If you’re someone who has decided that you’ve got what it takes to be an entrepreneur and you don’t want to start from scratch, buying into a home-based or other business opportunity, franchise, distributorship or licensee opportunity is a great option. However, finding the one that is right for you can be a challenge. There are just so many to choose from. So how do you hone in on the ones that warrant further scrutiny and consideration on your part?
Here are ten quick tips for narrowing the field and choosing wisely:
1) Look for a track record―The length of time that a company has been in business tells you an awful lot. First, there’s a history of success or even failure that you can learn from. Second, brand recognition and the reputation that goes along with it can be invaluable. Third, the longer a company has been around, the more likely it is you can verify profitability and overall success within its ranks (and whether those successes have been short- or long-term in nature), giving you a better sense of the calculated risk you would be taking by coming aboard. This is all not to say that a newer company isn’t worth a gamble, but you better be sure to kick your due diligence up a serious notch before you buy what they’re selling.
2) Verify viability―There are a lot of suspect “get rich quick” schemes out there. If someone tells you that you can become very wealthy virtually overnight while making very little effort, be careful. There are no free lunches when it comes to making money. If it was that simple, we’d all be millionaires. Make sure the opportunity you are considering offers a real product or service for sale. If your ability to make money resides fully on your ability to recruit others just like you, that’s a scheme and you need to steer clear.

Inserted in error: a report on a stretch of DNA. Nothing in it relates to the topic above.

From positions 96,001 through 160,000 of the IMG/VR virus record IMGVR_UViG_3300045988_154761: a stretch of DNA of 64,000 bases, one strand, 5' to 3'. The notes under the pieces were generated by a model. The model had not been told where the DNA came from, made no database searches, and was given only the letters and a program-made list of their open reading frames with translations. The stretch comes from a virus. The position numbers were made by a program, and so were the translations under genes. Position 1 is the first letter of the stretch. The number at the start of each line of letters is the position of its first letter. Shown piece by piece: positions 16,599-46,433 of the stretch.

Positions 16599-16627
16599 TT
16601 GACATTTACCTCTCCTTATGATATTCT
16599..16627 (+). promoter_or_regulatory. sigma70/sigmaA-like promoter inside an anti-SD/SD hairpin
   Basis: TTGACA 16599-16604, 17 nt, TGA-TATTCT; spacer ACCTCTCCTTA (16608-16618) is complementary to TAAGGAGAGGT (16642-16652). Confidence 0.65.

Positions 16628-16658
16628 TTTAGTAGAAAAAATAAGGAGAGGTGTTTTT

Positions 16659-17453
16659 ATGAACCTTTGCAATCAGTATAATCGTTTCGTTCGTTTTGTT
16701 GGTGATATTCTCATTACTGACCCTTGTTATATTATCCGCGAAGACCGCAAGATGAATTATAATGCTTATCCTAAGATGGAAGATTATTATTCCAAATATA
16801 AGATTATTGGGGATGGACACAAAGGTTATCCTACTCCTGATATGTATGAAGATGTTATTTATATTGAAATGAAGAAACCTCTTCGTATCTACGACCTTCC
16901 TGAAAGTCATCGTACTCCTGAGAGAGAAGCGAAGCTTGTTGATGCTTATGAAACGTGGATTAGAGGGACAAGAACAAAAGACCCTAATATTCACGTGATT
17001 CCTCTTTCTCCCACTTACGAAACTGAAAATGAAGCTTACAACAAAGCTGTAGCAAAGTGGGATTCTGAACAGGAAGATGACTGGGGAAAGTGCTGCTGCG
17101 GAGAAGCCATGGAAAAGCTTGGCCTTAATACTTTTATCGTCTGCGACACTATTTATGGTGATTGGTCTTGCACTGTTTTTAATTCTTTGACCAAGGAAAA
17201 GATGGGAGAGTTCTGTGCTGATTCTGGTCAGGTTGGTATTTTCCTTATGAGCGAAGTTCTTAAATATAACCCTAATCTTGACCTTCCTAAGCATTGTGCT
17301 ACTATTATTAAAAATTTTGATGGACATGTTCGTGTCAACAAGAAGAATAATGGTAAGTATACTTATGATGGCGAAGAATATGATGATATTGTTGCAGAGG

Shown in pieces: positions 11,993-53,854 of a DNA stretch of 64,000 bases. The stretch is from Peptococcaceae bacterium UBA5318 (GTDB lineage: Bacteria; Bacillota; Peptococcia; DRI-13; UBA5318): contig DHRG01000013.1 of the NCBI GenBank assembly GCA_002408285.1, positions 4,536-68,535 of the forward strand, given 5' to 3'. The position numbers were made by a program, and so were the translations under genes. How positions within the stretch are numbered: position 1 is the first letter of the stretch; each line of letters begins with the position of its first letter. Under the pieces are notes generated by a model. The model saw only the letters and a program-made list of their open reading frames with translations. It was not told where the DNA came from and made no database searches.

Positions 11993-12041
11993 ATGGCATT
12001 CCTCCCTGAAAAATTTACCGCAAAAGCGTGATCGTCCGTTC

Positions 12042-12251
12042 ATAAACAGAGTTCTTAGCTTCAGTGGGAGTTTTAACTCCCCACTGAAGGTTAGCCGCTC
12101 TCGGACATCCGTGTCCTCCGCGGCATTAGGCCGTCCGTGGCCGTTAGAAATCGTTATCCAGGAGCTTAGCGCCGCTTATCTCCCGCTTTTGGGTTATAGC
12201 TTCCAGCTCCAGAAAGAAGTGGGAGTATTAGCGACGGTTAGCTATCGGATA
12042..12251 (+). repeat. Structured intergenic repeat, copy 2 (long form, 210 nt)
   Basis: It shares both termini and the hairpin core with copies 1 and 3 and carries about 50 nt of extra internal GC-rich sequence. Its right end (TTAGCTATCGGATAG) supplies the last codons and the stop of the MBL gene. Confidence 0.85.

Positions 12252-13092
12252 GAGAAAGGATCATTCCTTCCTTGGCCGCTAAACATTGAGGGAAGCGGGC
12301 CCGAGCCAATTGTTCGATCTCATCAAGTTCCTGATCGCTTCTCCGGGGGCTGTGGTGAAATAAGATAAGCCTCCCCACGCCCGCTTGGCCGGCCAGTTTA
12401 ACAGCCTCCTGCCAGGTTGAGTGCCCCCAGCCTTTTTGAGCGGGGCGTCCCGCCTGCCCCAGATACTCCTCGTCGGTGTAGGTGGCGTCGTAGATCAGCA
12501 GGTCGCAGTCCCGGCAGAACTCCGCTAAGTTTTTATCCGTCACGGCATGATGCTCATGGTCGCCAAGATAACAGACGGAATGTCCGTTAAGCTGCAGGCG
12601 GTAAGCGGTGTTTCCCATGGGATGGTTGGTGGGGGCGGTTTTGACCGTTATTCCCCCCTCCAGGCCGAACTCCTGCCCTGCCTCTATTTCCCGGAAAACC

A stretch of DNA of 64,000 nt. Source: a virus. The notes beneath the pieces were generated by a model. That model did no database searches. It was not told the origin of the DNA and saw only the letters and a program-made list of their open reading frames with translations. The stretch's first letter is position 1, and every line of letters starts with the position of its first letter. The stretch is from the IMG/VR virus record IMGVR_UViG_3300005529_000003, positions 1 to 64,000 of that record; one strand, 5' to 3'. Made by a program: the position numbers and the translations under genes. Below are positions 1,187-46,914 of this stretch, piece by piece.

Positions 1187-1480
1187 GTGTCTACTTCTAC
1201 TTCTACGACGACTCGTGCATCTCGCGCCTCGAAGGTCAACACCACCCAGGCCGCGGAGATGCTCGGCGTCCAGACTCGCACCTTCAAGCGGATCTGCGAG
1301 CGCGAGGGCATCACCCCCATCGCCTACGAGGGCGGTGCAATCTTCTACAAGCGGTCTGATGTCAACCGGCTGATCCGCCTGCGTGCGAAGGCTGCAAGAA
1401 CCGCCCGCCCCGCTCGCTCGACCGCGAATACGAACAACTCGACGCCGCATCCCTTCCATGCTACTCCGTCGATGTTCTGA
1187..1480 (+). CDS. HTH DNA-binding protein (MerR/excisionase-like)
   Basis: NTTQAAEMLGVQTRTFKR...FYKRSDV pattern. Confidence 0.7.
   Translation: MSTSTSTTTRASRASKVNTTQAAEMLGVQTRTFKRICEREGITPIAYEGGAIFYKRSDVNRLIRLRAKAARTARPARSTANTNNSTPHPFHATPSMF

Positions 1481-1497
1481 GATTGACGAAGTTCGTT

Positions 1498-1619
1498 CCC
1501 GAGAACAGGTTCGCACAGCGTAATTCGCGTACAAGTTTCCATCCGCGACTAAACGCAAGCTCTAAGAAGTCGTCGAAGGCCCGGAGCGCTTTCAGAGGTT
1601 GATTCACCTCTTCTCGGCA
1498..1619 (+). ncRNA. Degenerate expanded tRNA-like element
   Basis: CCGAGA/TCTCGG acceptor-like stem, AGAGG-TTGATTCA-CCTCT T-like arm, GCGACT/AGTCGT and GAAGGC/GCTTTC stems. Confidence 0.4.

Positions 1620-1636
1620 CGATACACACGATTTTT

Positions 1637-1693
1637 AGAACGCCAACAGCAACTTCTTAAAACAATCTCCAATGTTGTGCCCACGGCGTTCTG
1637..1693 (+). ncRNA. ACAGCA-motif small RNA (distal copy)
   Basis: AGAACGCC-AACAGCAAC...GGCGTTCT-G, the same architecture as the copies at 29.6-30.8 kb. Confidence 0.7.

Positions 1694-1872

3) Mind your marketability―You can be offering the greatest product or service out there and have no demand for it simply because you didn’t do your homework. You have to know who your competition is in your marketplace. You have to know if there is any demand for your products or services. Who wants them? Who needs them? You have to know how what you’re offering is different or superior, whether it’s with regard to quality, features, cost or some combination thereof. If what you’re selling is truly unique, then great. That’s your niche. If it’s not, and very little is these days, then you need to know how saturated your marketplace is before you get into something that’s just not going to fly…and that also applies to online!